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GENEVA (AP) — The world is better prepared to face past calamities like the 2004 Indian Ocean tsunami but it's not ready for the extreme weather of the future, the U.N.'s top natural disaster official said Tuesday.
Margareta Wahlstrom, the special representative of the U.N. secretary-general for disaster risk reduction, said early warning systems like those now in place in the Indian Ocean are helping improve preparations for major disasters.
That warning system was established after a massive earthquake off the Indonesian coast on Dec. 26, 2004, triggered a 100-foot-high tsunami that killed 230,000 people in 14 countries and caused $10 billion in damage.
However, Wahlstrom says much more needs to be done to prepare for the extreme weather that has noticeably increased in recent years.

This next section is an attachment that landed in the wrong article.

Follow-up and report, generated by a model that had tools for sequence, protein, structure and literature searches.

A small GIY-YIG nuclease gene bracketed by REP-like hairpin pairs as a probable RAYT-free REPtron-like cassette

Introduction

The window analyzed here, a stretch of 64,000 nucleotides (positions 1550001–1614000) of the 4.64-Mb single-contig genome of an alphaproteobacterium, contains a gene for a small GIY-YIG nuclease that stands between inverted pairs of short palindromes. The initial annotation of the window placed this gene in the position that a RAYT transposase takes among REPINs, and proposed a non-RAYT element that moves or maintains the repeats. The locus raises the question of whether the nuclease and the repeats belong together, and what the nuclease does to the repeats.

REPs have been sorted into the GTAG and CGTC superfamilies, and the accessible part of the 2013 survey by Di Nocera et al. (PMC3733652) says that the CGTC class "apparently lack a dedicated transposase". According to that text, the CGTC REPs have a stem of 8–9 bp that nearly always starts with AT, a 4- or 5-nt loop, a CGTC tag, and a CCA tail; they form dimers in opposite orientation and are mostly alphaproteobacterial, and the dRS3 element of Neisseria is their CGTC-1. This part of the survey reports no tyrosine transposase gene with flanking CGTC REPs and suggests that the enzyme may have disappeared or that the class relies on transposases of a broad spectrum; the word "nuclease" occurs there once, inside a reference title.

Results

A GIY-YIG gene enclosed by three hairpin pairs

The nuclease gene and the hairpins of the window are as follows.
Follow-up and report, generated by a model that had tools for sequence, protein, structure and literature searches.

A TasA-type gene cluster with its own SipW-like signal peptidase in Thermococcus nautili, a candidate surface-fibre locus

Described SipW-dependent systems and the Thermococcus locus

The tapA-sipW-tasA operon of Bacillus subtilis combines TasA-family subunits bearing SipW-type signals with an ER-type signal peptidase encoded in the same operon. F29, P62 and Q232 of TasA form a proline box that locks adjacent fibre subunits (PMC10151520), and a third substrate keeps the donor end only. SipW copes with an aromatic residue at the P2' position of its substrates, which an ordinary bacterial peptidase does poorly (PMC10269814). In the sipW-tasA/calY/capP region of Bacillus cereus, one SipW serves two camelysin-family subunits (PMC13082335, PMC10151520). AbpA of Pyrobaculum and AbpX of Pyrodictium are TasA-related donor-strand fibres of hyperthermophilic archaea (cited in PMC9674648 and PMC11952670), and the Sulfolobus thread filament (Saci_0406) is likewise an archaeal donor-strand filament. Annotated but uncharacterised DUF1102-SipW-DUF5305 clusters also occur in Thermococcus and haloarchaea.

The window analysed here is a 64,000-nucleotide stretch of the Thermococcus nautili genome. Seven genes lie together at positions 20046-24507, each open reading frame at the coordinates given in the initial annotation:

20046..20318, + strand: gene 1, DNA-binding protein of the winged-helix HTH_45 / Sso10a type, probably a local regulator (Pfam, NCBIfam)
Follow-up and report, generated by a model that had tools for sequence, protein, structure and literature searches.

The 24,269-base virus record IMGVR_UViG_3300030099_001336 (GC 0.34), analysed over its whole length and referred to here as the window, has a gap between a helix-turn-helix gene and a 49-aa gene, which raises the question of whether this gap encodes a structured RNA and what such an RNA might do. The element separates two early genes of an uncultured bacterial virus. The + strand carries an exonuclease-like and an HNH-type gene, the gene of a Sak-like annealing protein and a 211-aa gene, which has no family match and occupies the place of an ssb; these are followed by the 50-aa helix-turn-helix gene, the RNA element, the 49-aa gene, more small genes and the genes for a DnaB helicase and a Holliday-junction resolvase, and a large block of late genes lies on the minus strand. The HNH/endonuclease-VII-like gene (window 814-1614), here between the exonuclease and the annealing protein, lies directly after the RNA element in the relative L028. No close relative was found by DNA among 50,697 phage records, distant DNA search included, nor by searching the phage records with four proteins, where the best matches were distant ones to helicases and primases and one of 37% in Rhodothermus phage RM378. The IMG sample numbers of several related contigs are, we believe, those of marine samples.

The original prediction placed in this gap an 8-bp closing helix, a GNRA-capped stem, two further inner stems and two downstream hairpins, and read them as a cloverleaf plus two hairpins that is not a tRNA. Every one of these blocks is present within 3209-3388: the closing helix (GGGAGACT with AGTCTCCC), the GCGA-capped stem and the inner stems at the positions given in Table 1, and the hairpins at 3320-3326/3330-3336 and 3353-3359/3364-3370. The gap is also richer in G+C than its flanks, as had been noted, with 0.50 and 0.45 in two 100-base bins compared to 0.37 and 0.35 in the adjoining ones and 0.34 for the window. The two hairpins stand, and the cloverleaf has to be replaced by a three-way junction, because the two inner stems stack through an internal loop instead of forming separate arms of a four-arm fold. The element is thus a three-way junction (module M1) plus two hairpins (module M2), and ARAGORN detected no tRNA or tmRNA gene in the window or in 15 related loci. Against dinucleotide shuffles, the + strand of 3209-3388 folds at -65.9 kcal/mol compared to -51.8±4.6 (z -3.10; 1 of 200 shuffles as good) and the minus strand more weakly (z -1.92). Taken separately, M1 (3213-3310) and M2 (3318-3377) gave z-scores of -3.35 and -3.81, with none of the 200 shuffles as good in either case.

"Disasters that go beyond what you can expect a country to cope with is not an issue for poor countries anymore; it's an issue for every country," Wahlstrom told The Associated Press, pointing to Pakistan, Thailand, Japan, Russia, the United States, Haiti and Chile as among the places hard-hit by major disasters in the past 10 years.
According to the Centre for Research on the Epidemiology of Disasters in Belgium, which tracks the world's catastrophes, from 1983 to 1992 the world averaged 147 climate, water and weather disasters each year. Over the past 10 years, that number has jumped to an average of 306 a year.
"The mix of extreme weather variability, some climate issues and population has grown a lot — and therefore cities and urban environments have grown very dense and have not planned for this type of stuff," she said.
A world conference next March in Japan will help establish the next stage of preparedness beyond the measures instituted since the tsunami.
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